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Recipe: Cheese slaw, the dip you didn’t know you need

Recipe: Cheese slaw, the dip you didn’t know you need


"Think of cheese slaw as the party guest who slinks in unnoticed, ends up stealing the spotlight, and definitely gets a repeat invite."

Pimento cheese might be synonymous with Southern hospitality, but its lesser-known cousin, cheese slaw, is the penultimate Appalachian party dip. Both are creamy and cheese-based, but that’s where the similarities end. Pimento might be impossible to miss with its bright orange color, but it’s also basic. Shredded cheddar, chopped red pimento peppers, and mayo can only take you so far.


Cheese slaw, on the other hand, looks subtle, but its shredded-Swiss-and-mayo mixture is studded with a riot of flavor and texture, including chopped green onions, banana peppers, and pickled jalapeños. Think of cheese slaw as the party guest who slinks in unnoticed, ends up stealing the spotlight, and definitely gets a repeat invite.


Perfect for your holiday table, cheese slaw hails from Roanoke, a charming Virginian city nestled in the Blue Ridge Mountains, where its creation is attributed to caterer-extraordinaire Lib Wilhelm. A fixture on Roanoke’s social scene during the era of beehive hairdos and endless cocktail hours, Wilhelm was so tied to her signature dish, it was actually mentioned in her obituary.


Her mid-century party trick was to serve cheese slaw in a hollowed-out cabbage accompanied by corn chip scoops, but that was just the start for this delicious dip. Prepared cheese slaw would eventually be sold by specialty grocers in Roanoke and become a fixture on holiday tables and local restaurant menus. To this day, you can get hot dogs, burgers, and salads topped with a scoop of cheese slaw at two local bistros, Fork in the Market and Fork in the Alley.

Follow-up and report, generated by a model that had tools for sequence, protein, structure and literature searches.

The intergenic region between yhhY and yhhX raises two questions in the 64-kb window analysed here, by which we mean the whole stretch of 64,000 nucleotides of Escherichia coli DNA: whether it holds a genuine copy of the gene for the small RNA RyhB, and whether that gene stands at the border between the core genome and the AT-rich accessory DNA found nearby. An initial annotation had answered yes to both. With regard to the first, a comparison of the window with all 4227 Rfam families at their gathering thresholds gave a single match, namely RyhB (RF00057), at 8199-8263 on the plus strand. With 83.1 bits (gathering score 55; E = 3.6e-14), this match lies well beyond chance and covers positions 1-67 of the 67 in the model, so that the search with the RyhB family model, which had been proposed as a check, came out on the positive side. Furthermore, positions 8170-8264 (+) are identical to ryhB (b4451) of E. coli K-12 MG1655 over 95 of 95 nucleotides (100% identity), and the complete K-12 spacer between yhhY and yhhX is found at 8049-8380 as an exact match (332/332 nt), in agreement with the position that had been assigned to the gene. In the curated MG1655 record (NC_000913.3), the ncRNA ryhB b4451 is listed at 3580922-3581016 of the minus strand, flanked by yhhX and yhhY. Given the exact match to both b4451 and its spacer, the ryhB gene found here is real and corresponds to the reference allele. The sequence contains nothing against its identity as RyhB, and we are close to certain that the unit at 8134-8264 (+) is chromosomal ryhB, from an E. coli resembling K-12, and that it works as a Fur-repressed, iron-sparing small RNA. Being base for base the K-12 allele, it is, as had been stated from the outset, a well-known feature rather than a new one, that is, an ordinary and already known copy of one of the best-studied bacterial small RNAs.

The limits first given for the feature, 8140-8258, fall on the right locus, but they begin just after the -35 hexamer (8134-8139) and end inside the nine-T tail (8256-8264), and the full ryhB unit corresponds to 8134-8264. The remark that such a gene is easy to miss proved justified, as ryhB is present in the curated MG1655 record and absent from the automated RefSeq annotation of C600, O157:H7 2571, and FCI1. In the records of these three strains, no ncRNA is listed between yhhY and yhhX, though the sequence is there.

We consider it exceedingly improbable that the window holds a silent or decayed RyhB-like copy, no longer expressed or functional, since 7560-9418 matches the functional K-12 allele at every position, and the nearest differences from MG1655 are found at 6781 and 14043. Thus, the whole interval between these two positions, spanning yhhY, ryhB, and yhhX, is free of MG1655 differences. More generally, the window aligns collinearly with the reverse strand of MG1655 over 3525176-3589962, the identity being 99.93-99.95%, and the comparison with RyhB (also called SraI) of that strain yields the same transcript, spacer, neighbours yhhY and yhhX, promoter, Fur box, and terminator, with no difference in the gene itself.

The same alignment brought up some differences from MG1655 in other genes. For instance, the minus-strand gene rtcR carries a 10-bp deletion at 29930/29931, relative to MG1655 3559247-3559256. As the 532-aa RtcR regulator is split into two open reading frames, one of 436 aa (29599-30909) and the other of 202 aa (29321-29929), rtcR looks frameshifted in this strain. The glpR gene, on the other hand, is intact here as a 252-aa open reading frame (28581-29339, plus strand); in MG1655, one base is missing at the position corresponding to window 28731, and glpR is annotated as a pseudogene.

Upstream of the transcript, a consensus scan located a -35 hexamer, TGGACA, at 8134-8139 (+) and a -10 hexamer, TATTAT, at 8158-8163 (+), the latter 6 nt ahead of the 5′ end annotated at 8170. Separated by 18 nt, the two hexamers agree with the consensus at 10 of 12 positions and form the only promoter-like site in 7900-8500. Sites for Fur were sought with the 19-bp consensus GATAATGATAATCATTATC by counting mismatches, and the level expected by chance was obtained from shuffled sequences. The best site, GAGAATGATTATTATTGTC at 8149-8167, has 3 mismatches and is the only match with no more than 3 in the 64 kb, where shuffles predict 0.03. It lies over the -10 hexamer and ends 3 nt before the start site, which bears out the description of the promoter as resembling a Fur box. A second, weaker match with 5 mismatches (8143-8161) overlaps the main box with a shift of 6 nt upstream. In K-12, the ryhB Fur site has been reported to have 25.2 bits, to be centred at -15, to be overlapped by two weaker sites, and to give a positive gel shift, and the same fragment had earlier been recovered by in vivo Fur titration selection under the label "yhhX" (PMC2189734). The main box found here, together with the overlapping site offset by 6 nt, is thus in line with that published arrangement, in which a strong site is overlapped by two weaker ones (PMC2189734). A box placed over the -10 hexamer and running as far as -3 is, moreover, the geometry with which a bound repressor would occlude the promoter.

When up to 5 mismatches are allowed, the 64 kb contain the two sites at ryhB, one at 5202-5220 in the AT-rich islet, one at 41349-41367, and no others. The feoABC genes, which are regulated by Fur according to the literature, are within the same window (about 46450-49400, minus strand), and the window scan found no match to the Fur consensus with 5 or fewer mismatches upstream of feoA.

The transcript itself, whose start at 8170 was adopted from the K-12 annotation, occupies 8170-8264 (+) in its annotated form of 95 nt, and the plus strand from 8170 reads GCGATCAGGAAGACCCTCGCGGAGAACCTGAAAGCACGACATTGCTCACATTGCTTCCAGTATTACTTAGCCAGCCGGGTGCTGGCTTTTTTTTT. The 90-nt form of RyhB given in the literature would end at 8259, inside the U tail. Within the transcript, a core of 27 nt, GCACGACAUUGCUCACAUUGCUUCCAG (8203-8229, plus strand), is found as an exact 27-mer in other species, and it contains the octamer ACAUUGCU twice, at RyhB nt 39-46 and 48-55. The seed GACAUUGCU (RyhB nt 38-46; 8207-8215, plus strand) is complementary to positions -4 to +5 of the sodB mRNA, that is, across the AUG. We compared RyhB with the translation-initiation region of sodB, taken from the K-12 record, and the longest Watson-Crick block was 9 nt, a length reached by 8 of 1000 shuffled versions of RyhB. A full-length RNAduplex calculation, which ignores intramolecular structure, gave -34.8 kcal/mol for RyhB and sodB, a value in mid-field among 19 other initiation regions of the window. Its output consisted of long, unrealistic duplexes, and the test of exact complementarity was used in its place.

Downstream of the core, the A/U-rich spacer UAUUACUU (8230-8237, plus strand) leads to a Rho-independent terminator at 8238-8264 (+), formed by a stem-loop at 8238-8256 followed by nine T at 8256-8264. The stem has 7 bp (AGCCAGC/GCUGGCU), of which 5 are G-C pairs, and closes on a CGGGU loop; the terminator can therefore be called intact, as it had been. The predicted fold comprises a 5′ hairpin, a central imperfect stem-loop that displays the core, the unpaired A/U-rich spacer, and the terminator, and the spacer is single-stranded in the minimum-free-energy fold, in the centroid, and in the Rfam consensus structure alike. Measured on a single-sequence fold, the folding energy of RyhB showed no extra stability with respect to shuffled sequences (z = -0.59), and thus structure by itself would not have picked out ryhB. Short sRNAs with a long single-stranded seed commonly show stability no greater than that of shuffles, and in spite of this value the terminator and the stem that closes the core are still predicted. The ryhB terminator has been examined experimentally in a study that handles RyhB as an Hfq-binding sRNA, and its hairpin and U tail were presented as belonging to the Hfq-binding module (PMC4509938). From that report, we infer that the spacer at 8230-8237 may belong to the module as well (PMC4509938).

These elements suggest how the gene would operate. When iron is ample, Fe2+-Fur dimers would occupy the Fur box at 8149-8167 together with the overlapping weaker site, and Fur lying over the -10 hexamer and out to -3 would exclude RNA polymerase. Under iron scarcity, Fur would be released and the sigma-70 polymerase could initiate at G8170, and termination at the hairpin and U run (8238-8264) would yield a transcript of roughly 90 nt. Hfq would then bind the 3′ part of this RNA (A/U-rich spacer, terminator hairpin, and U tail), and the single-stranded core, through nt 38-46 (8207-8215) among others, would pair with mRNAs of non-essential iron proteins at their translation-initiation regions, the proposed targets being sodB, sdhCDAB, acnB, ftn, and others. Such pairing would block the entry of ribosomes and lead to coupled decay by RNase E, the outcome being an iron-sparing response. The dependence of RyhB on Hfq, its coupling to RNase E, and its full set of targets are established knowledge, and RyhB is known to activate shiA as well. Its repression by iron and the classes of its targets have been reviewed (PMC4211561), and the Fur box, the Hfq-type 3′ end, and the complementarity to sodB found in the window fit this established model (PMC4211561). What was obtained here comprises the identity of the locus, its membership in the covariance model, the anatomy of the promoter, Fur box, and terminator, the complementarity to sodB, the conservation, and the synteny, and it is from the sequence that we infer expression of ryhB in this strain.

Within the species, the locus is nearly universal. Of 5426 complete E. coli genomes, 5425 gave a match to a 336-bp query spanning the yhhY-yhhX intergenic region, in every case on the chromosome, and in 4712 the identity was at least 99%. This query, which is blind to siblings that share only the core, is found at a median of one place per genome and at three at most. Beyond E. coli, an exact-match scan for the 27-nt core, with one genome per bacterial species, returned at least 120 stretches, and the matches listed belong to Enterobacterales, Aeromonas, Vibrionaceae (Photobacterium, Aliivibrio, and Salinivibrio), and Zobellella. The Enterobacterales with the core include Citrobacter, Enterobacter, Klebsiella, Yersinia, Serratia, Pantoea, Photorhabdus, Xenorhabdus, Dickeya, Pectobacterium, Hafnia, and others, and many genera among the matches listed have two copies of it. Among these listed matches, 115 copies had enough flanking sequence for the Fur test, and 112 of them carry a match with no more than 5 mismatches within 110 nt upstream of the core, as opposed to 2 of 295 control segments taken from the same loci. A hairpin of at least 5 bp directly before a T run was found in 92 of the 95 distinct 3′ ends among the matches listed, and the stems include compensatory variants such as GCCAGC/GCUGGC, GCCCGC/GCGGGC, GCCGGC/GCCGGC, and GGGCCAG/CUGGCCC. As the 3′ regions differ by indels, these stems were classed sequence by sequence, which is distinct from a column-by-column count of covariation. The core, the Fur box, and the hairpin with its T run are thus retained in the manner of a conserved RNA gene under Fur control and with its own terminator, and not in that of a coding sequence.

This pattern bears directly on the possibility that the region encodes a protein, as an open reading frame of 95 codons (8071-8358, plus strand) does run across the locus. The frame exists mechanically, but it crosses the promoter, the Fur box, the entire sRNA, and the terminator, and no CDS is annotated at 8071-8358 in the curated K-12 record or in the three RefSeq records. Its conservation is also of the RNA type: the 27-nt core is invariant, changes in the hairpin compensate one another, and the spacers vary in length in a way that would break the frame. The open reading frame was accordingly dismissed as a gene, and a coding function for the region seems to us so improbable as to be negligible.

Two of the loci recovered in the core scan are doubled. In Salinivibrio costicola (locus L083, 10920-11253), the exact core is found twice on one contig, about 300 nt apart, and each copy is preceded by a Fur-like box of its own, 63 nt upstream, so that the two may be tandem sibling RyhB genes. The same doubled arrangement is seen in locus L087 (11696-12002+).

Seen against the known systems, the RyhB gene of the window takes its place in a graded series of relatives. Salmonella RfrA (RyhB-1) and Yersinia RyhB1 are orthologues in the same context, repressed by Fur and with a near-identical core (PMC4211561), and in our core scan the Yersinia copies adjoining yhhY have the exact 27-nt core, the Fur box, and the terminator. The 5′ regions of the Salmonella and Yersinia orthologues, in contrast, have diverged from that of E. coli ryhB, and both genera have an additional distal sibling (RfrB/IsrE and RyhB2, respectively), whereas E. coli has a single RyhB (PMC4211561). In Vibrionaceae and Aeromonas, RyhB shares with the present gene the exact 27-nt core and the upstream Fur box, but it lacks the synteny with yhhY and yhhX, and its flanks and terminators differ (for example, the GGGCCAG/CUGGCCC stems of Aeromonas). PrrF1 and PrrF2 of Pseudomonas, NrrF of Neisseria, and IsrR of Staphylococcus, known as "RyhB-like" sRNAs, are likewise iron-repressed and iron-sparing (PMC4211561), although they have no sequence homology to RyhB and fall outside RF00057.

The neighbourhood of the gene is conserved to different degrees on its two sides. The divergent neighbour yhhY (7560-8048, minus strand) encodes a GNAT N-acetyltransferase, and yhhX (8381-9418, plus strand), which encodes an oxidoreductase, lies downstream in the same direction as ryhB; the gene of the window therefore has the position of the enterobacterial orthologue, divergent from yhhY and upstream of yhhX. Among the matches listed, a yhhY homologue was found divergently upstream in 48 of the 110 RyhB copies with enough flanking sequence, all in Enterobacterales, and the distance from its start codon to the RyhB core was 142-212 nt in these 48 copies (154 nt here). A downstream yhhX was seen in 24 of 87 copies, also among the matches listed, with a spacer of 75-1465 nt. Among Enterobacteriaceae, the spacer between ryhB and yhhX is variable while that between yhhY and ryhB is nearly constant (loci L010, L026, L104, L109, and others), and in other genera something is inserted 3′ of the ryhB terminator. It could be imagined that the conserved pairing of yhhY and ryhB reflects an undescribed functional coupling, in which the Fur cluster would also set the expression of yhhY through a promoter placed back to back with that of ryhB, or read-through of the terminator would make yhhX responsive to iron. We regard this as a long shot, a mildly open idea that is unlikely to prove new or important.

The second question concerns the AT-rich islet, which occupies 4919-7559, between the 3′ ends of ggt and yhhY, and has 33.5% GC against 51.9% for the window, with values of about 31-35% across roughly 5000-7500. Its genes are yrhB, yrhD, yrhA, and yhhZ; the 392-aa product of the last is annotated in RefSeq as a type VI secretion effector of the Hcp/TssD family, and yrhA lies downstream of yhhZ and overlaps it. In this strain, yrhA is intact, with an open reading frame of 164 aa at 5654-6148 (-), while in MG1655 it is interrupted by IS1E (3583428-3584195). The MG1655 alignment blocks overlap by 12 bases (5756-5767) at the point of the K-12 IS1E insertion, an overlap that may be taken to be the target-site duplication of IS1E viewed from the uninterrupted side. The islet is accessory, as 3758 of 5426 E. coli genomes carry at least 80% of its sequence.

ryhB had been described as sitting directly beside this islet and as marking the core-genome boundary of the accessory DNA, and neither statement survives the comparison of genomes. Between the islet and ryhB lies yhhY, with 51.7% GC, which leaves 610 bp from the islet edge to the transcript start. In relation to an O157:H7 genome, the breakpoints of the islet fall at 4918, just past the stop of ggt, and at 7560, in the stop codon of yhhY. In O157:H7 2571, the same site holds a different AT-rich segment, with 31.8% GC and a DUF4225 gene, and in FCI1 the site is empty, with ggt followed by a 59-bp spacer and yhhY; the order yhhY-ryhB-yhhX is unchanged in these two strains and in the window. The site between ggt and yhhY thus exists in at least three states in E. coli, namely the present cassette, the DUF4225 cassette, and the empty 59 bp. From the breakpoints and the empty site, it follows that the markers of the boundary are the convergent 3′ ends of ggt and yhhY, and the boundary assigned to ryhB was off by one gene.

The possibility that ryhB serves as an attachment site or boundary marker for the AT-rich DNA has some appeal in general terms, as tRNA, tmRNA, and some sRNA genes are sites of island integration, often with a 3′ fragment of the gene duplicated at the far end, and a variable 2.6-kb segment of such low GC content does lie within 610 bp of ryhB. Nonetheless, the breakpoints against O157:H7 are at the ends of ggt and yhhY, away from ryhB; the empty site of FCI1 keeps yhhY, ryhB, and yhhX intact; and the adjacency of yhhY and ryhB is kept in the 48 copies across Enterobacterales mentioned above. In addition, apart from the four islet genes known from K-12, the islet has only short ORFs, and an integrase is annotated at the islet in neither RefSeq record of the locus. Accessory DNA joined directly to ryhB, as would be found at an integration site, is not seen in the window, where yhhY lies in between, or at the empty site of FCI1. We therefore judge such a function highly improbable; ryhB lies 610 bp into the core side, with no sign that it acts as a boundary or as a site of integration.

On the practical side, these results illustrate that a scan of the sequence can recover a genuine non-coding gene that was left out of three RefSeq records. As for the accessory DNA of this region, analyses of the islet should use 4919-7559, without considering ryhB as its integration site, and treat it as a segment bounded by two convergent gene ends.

Despite having "slaw" in the name, cheese slaw does not contain cabbage, and therefore it is not remotely related to coleslaw. Certain internet search results will try to persuade you that cheese slaw should contain shredded carrots, cheddar, and (God forbid) blue cheese. Don’t listen to them. The point of cheese slaw is not to gussy it up with fancy blue cheese crumbles or to healthify it with carrots. No, the point is to follow the basic, party-pleasing recipe.


How you serve it, though, is entirely up for grabs. You can go old-school like Wilhelm and present your cheese slaw in a hollowed-out cabbage with corn chips. You can get highbrow and create some New Year’s Eve party bites by spooning cheese slaw onto potato chips and topping them with a dollop of caviar. You can even use cheese slaw as a sandwich spread. (Pro tip: cheese slaw makes the perfect hangover-busting grilled cheese.)


Whatever you do with it, just take a moment to lift your chip, cracker, or sandwich toward Wilhelm in heaven because, Lord knows, that’s exactly where the woman behind this divine dip belongs.

Lib Wilhelm’s Cheese Slaw

Serves 16

  • 1-pound Swiss cheese, coarsely shredded
  • 1 bunch green onions with tops, chopped
  • ½ cup chopped mild banana peppers
  • ½ finely chopped jalapeño peppers
  • Mayonnaise
  • 1 head cabbage

Combine the cheese, green onions, banana peppers, and jalapeño peppers in a bowl. Add enough mayonnaise to bind and mix well. Store in the refrigerator for up to one week. Add additional mayonnaise if needed at serving.


Hollow out the center of the cabbage and fold back the outer leaves. Spoon the cheese mixture into the center. Serve with corn chip scoops.


Lib Wilhelm’s Cheese Slaw recipe appears courtesy of a now out-of-print cookbook, “Oh My Stars! Recipes that Shine” created by the Junior League of Roanoke Valley.

Layla Khoury-Hanold is a freelance journalist and has written for Food Network, Food52, the Chicago Tribune, and The Roanoker, among others. She’s working on her debut memoir.



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